By spinning vehicle-building into a full-fledged game mechanic, the developers turn every in-game encounter into a design prompt for the player. In BREATH OF THE WILD, enemy fortresses and barricades just felt like obstacles to get around. In TEARS OF THE KINGDOM, when you see a band of monsters riding to battle atop a giant stone Talus, it’s more like an invitation to think like the developers and craft a siege engine of your own. In the early game, you can best hear the conversation between designers and players in the first boss fight of the Yiga Clan sidequest: as it goes on, the enemy vehicle grows larger and more complex in response to your attacks.

Legend of Zelda superhand in effect

Ultrahand makes just about anything connectable to anything else.

Ultrahand-assembled structures and vehicles unfortunately disappear if you get too far away from them, or if you save and reload your game (though you can replicate them through the complementary Autobuild power, provided you’re willing to spend your collectable resources). This makes building materials feel disposable, but it also means that TOTK keeps you in a constant state of rebuilding—if each build lacks lasting significance, it’s also joyously low-stakes. That enables the unexpected silliness of a game I feel compelled to remind you is titled TEARS OF THE KINGDOM. Though the story is full of truly heart-wrenching character beats, Ultrahand knowingly allows for some of the most ridiculous gameplay of any Zelda game—if you want it.

Dohta explains it like this: “By placing the ‘attaching’ feature at the center of the gameplay, I think we have created a mechanism that meets the needs of both those who want to create something elaborate and those who only want to do the bare minimum needed in order to progress.” In other words, if you want to build a simple three-log raft to explore the seas to Hyrule’s east, you can do that. Or if you’d rather sail a giant fish-killing paddle wheel monstrosity, the likes of which Zelda has never seen, you can do that too.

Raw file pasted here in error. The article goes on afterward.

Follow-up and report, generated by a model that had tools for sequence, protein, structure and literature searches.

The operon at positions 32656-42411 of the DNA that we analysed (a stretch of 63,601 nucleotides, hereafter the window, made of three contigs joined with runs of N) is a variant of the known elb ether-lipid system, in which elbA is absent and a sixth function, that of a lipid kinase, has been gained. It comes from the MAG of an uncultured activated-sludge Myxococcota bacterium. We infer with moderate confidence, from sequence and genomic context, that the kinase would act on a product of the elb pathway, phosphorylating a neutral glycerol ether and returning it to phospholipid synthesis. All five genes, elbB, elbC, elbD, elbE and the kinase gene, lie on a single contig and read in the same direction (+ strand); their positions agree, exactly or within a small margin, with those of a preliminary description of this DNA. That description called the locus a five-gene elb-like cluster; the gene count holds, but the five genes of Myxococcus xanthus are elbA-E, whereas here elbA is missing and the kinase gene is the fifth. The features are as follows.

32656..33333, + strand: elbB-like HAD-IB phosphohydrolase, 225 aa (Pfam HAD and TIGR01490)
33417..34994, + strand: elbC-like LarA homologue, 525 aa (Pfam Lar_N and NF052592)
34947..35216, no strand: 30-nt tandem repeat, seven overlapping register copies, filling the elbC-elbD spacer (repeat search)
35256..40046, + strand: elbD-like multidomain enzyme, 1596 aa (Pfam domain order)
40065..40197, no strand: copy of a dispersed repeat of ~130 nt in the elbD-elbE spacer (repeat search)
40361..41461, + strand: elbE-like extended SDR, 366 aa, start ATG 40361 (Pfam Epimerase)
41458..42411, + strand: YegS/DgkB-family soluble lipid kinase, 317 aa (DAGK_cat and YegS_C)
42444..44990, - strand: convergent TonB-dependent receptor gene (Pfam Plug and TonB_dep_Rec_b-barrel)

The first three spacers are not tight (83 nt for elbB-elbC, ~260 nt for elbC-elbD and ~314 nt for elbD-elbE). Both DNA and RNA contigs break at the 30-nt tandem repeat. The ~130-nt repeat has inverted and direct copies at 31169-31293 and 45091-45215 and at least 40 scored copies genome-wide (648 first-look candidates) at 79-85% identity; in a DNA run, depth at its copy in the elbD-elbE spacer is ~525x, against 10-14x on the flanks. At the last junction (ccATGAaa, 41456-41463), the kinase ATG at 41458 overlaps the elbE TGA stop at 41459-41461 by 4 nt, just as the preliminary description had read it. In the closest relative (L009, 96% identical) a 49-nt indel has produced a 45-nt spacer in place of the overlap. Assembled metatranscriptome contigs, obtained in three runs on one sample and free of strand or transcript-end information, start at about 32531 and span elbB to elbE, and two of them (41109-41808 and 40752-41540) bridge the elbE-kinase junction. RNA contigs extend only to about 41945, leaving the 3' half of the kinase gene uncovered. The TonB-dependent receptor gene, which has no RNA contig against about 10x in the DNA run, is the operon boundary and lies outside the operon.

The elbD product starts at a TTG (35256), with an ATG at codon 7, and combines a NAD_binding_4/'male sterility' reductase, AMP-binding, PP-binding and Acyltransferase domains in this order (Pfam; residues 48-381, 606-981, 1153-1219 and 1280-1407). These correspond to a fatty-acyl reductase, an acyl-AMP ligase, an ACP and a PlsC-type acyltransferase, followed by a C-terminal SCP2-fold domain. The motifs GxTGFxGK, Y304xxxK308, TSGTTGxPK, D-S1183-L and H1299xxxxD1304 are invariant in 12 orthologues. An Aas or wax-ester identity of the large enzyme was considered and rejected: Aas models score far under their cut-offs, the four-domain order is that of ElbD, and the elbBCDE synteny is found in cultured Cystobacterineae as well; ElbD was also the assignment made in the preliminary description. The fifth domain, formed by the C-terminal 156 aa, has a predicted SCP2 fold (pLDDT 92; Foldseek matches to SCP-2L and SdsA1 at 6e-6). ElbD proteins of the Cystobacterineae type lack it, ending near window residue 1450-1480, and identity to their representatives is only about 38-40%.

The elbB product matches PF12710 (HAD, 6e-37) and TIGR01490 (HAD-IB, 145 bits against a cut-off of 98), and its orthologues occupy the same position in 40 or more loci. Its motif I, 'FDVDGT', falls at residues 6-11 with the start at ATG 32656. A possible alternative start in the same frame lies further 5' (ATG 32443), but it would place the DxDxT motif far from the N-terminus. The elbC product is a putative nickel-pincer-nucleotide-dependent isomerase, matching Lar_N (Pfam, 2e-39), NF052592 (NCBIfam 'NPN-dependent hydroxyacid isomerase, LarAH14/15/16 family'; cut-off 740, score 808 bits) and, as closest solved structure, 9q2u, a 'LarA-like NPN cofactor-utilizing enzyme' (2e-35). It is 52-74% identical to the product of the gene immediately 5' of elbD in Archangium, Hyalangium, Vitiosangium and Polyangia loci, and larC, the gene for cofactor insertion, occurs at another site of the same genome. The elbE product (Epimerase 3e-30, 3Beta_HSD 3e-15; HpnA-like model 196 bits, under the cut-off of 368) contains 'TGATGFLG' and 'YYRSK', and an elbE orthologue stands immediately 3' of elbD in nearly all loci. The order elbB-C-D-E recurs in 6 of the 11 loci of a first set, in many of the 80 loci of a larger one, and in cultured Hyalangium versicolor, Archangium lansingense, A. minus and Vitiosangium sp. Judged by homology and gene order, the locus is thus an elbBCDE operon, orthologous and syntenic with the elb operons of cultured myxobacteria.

Games like MINECRAFT and GARRY’S MOD have worked in this lane for years, but for The Legend of Zelda, it feels revolutionary, even beyond what BREATH OF THE WILD accomplished. On the corporate side, Nintendo is still as precious with the Zelda IP as they’ve ever been, and just as draconian in dealing with fan projects and piracy. They’ve kept their Disney Vault approach to the series’ older titles, occasionally dropping pricey rerelease packages, or—perhaps even worse—distributing them to new consoles through online subscriptions. On the level of game design, though, TEARS OF THE KINGDOM offers players a new level of agency over the series’ tone and even the future of its game mechanics.

With tons of costume pieces from past Zelda games scattered across Hyrule’s treasure chests and more classic soundtrack cues than its predecessor, TEARS OF THE KINGDOM reaps the rewards of the series’ rich legacy. But with Ultrahand, the designers signal once again that they’re not just interested in reclaiming former glory—in a concrete, mechanical sense, they’re giving players the means to make something new. There’s no more elegant metaphor than the building blocks TOTK spreads out in front of you—a handful of ancient devices and a whole lot of fresh new wood to glue them to.

Taylor Ruckle
Hailing from Northern Virginia, Taylor Ruckle is a first-gen prototype for a machine that converts MTN DEW Kickstart into music writing at a sometimes-alarming rate. Stubbornly committed to spicy foods, black coffee, From Software games, and albums that will make you confiscate the aux cable. We’ve been made aware of the issue and we’re working on it for the Mk II.